OPINION

The elections and the ‘foreign factor’

Polarization has prevented a serious discussion from being carried out on the main challenges the next government faces: the economic problems of the state and its citizens, and the country’s relationship with its international partners and creditors. The protagonists of Greek politics invoke the “foreign factor” mainly to bias their interpretation of reality without a cool assessment of the role the creditors have played and will play in developments on the financial and political front.

We tend to forget that participation in a collective body comes with privileges but also with responsibilities and duties. This is true not just for the weaker members but also for the powerful ones. Germany, for example, was compelled by developments to consider the common good and agree to the European Central Bank’s quantitative easing program. Ultimately, everyone can be talked around, at least when there’s common ground.

New Democracy (addressing “people who do not want to see Greece in ruins,” in the words of Prime Minister Antonis Samaras) presumes that a SYRIZA win would mean severing ties with our partners and a eurozone exit. For SYRIZA, this message constitutes fear-mongering and a ploy to shield the truth, given, as Alexis Tsipras said, that Greece’s future in Europe is certain. The truth is much more complicated and the future of the country will depend on the actions of the next government and on the agreements it achieves with our partners.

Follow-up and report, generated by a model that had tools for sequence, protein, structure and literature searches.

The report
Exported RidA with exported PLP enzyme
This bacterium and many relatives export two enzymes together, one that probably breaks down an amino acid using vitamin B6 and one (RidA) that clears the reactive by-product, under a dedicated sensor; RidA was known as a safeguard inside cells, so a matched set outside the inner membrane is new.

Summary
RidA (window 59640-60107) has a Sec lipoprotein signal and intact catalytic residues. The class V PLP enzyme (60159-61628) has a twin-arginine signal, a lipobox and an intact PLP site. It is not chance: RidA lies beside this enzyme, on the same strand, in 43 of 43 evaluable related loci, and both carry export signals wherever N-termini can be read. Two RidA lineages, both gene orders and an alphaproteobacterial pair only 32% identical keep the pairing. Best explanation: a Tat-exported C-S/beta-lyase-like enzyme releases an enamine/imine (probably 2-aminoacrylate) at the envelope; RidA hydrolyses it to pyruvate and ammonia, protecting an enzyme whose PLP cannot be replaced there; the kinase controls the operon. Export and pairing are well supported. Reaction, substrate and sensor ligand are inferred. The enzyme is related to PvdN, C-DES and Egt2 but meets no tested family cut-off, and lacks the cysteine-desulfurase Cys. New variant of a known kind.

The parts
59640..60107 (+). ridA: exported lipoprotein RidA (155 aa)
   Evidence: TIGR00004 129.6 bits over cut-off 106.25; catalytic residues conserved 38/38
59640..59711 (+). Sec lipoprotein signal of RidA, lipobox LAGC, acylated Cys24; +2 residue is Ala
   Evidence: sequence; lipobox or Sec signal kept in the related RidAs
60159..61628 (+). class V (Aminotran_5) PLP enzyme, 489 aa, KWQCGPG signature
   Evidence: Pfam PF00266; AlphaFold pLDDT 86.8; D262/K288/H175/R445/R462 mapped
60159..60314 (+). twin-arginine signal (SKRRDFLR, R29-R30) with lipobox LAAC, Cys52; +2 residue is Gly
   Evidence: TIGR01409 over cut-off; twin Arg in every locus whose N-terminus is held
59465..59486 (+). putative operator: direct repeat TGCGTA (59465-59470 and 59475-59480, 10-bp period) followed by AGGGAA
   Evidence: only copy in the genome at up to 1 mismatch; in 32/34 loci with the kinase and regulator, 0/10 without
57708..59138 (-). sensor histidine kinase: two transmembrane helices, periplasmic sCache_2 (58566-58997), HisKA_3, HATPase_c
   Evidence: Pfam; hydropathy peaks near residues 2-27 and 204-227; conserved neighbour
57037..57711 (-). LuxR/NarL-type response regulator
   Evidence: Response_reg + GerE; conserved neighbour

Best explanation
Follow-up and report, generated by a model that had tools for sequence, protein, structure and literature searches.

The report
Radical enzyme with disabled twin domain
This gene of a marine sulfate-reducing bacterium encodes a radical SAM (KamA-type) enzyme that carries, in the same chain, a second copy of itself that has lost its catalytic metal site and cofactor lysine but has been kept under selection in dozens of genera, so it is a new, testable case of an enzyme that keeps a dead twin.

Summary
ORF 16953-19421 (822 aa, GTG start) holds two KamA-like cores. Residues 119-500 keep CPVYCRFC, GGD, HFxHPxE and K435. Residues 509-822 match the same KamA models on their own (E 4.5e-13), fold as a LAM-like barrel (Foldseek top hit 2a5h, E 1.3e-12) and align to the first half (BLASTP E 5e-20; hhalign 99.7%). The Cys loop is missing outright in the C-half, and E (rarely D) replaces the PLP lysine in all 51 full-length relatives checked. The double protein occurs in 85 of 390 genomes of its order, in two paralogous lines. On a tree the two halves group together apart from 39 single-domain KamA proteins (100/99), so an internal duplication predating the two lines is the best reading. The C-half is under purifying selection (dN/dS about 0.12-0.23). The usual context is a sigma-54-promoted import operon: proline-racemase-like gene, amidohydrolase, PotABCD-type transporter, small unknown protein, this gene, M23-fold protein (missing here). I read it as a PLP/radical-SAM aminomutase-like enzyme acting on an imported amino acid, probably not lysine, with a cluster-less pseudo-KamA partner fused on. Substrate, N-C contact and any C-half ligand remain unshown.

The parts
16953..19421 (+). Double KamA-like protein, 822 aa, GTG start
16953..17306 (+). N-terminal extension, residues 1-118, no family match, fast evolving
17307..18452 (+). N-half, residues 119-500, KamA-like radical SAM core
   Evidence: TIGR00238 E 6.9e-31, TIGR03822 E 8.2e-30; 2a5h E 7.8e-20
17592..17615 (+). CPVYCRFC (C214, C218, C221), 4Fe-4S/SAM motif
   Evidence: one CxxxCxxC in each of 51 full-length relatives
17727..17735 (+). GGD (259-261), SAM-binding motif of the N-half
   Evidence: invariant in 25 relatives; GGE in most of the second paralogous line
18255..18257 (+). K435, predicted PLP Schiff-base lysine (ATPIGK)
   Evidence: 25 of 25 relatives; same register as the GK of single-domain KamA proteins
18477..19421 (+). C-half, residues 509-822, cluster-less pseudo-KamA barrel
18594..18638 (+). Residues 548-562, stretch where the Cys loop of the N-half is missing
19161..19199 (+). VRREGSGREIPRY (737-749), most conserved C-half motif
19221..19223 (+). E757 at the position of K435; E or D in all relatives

ND has made progress but not enough to convince voters, while SYRIZA presents itself as able to take on Europe and force change. SYRIZA seems to be ignoring how crucial the troika’s role has been in the past few months. Skepticism among the outsiders regarding the Samaras government’s ability to push ahead with reforms undermined New Democracy’s strategy for a return to the markets, setting current developments in motion. The country’s partners cold-shouldered the government and left it with no cards to play, while the prevalence of a sense that things cannot get worse on the domestic front cultivated the election climate to SYRIZA’s benefit. The next government will face the same challenges, if not worse.

ECB President Mario Draghi hit the nail on the head in terms of where Greece finds itself today when he said that there will be no special rules for the country to benefit from the asset purchase program. He made it clear that Greece needs to remain in the EU/IMF adjustment program, that the current review (which was suspended in November, leading to the current developments) needs to be successfully concluded and that bonds maturing in July and August need to be repaid.

Samaras stated that only ND can guarantee Greece’s participation in this scheme. But SYRIZA also welcomed the program as a confirmation of its policies – at the same time as the party opposes the ECB’s conditions.